Irrational Irony, Inexplicable Indifference & Inevitable Idiosyncrasy : Ingredients of Life

You’re in a crowd, but you’re alone. You explain, but that just makes things harder to understand than they initially were. You speak, but you can’t be heard, or you’re not listened to. When you’re silent, everyone hears. When you’re down, no one wants to help you up, but when you’re up, everyone wants to drag you down. They tell you to hold on when you’re trying to let go. They tell you to let go when you’re trying to hold on. You’re dying while you’re living, and living while you’re dying.

Life is pervaded by the essence of irrational irony.

You talk to a person present in the flesh and you’re ignored. You talk to your “wall” on a social media platform and people who aren’t well-enough acquainted with you connect the dots of your untold emotions. You are forced to wear a smile that conceals the scars lest someone should see them and question your sanity or gloat over your probable insanity. You are forced to line your eyes with kohl to camouflage the deed all the midnight tears have done, because people seem to notice, but won’t seem to understand. You love someone, but your love to them is no more than the earth they trample underfoot.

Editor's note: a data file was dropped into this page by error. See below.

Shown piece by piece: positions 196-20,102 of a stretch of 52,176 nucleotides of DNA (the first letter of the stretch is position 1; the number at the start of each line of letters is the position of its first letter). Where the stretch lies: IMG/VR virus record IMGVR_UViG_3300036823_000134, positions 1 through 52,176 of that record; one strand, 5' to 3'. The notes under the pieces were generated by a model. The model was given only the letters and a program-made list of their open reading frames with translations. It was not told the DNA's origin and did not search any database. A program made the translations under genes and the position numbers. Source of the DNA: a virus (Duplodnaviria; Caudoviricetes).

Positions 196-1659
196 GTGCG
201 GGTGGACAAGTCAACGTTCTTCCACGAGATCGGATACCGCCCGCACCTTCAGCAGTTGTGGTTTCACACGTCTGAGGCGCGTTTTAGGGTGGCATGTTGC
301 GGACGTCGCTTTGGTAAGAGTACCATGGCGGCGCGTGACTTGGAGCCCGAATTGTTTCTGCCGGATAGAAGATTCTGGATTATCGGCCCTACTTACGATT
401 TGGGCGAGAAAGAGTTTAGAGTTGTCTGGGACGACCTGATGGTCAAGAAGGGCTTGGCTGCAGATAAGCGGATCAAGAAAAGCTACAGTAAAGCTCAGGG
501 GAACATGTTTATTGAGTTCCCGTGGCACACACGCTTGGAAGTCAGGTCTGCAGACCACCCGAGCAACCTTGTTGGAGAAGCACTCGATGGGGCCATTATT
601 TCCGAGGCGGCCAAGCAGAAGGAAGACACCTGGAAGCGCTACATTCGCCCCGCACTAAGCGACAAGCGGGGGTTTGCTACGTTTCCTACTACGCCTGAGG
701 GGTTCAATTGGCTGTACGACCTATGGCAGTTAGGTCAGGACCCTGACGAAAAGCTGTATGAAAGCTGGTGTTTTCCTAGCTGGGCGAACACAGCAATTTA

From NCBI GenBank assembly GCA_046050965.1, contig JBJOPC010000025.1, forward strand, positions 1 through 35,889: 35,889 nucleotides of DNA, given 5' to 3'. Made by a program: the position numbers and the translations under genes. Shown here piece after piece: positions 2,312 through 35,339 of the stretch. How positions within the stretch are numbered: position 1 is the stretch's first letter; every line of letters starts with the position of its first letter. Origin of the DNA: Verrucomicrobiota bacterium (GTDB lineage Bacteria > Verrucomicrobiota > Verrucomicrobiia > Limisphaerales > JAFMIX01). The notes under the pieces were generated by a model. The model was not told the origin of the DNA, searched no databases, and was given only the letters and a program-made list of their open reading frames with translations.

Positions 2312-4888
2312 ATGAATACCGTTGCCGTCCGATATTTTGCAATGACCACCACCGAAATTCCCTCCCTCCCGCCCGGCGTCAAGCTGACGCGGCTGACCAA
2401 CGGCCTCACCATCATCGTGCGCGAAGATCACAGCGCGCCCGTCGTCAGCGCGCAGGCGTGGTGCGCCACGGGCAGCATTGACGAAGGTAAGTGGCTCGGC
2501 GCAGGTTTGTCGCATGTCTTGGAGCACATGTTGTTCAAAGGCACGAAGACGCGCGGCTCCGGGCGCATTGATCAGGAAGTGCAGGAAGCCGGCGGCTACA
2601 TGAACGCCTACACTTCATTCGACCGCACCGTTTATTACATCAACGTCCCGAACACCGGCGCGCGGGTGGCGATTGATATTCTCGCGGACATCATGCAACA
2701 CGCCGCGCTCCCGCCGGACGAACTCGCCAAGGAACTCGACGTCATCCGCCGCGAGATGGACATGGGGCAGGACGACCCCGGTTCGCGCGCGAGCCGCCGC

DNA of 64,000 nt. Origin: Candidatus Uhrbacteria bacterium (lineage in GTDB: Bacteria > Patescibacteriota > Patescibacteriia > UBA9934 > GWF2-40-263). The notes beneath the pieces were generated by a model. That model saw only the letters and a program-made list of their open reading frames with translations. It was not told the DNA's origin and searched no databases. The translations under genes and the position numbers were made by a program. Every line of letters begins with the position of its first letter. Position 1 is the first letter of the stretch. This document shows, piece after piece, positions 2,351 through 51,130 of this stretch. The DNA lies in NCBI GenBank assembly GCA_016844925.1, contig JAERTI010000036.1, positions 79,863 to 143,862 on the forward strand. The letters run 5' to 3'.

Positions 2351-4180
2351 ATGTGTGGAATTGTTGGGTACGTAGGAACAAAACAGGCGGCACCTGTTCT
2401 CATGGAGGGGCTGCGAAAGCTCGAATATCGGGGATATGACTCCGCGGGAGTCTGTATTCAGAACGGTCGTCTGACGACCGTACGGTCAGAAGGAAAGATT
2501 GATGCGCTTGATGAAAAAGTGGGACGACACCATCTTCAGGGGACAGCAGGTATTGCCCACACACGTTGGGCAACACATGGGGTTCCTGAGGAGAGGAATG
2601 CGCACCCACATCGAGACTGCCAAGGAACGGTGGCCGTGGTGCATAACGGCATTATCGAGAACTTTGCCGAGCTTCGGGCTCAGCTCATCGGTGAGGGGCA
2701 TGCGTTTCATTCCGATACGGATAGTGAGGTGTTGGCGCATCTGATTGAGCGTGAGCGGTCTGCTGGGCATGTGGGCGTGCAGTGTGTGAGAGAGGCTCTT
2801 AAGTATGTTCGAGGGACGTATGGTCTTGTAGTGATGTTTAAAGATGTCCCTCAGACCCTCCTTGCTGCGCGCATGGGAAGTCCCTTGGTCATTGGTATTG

Life is garnished with the oil of inexplicable indifference.

You are told by people that you will be understood, but ultimately, you end up being either not understood or misunderstood. You are told to stay put by someone who persistently tries to push you off balance when you’re like a feather amidst an air current. You choose your path and traverse it only to realize you’ve been treading the wrong way all this while. You gain something only to realize it won’t last forever, but you lose something and realize that it will be lost forever, like a drop in a boundless ocean.

Life is sprinkled with a dash of inevitable idiosyncrasy.

But life has to go on through it all, doesn’t it? And it does…

You know you’re not losing life’s battle, you’re just fighting your way up from the bottom.